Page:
Google Earth 5.0 Updates: Historical Imager, 3D Mars, Oceans and Narration

The newest version of Google Earth is out and includes some really cool tools for educators and those who like to play with all things geographic. My favorite addition is the historical imagery slider that allows users to view landscapes over time. For most areas the historical imager reveals about ten to twenty years of change with picture quality generally declining as older views are retrieved. A tool such as the historical imager could be used in tandem with Google Earth's overlay option to highlight resources such as the Sanborn Fire Insurance Maps, a collection of maps produced from 1884 to 1922 in various parts of the country, including Georgia, for property claims.

Another new feature is the Oceans view that allows users to see thousands of data points including undersea land forms, shipwrecks, ocean expeditions, National Geographic's ocean atlas and a ton of other great options. The inclusion of video and pictures to illustrate life in the ocean makes for a great learning tool. The information presently available is a good start, however, the input of community users and official institutions should lead to some amazing information.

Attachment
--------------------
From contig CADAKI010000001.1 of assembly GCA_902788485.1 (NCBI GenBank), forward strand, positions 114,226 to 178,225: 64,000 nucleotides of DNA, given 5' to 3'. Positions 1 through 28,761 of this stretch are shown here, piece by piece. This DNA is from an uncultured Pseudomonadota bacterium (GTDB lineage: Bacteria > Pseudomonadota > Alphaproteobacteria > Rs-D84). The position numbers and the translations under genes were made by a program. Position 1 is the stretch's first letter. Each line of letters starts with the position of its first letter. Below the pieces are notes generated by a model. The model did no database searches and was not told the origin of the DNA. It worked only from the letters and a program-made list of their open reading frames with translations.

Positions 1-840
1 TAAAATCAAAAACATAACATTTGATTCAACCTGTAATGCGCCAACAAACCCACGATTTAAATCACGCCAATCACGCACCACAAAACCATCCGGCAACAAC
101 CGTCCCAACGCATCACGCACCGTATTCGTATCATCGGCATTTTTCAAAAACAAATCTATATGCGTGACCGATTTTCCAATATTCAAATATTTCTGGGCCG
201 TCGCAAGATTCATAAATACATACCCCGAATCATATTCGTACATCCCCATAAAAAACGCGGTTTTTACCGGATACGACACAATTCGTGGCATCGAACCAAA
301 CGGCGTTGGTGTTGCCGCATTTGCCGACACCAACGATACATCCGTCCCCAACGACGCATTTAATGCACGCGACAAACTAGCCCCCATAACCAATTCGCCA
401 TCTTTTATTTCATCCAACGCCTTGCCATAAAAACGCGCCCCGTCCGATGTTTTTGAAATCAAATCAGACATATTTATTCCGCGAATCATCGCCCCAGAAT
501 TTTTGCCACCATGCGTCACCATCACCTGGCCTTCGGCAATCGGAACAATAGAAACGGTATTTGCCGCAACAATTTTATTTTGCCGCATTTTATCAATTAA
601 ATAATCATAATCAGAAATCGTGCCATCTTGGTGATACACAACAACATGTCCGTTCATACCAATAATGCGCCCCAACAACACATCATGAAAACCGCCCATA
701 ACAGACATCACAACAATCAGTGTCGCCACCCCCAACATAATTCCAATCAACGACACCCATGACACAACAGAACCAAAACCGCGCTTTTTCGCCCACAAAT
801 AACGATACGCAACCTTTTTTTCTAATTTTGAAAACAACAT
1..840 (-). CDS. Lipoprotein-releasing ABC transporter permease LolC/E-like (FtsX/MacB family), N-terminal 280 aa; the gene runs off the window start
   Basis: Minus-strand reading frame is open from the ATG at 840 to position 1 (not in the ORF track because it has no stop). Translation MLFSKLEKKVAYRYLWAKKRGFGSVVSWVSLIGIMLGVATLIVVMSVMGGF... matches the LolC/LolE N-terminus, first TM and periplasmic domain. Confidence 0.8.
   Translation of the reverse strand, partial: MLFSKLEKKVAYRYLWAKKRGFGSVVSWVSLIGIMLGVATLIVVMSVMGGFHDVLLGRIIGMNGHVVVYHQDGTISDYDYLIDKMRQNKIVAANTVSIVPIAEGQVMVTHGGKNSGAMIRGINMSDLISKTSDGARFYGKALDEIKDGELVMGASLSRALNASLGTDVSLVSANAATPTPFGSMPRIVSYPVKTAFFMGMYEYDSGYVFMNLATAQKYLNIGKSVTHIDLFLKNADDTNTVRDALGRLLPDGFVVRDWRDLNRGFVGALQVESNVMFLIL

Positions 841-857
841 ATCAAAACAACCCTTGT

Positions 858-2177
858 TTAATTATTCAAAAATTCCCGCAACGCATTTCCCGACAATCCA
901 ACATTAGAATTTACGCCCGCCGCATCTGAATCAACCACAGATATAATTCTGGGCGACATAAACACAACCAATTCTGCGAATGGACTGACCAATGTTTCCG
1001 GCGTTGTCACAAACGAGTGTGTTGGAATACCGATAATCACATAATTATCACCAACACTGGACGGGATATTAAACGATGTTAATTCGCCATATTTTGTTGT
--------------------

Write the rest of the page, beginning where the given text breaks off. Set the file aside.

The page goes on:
The addition of 3D Mars is interesting but obviously lacks the detail found on Google Earth. I thought the most interesting view to be information and images of various lander and rover missions. Global maps and imagery are also available.

The final item added to Google Earth is the touring feature that allows users to record a narration while leading viewers through some portion of Google Earth. I love the possibilities of the touring feature for everything from class projects to describing your local neighborhood to others. The touring feature is also incredibly easy to use and very intuitive.

The updates to Google Earth, especially the historical imagery tool, remind me of a photo collection link recently sent to me by a friend. The collection includes older photos from the Battle of Stalingrad overlayed on more recent photos of the city. The resulting collages are fascinating and add a new dynamic to past and present. The other photo collections found on the site are equally interesting and focus on Russian subjects.

- Christopher Bishop

Monday, February 9, 2009

Gliffy, Or How I Learned To Love A Visual Organizer

I love to organize, design and map physical spaces! My need for organization recently led me to create a few maps of the CFL to assist library users in finding physical items housed in the library. Some might say creating maps for a two floor library amounts to overkill, but i noticed a need. Personally, I hate wandering around aimlessly while looking for something despite a nagging feeling I should ask for help. I often wish signs and maps were more abundant for those of us who want to look then ask.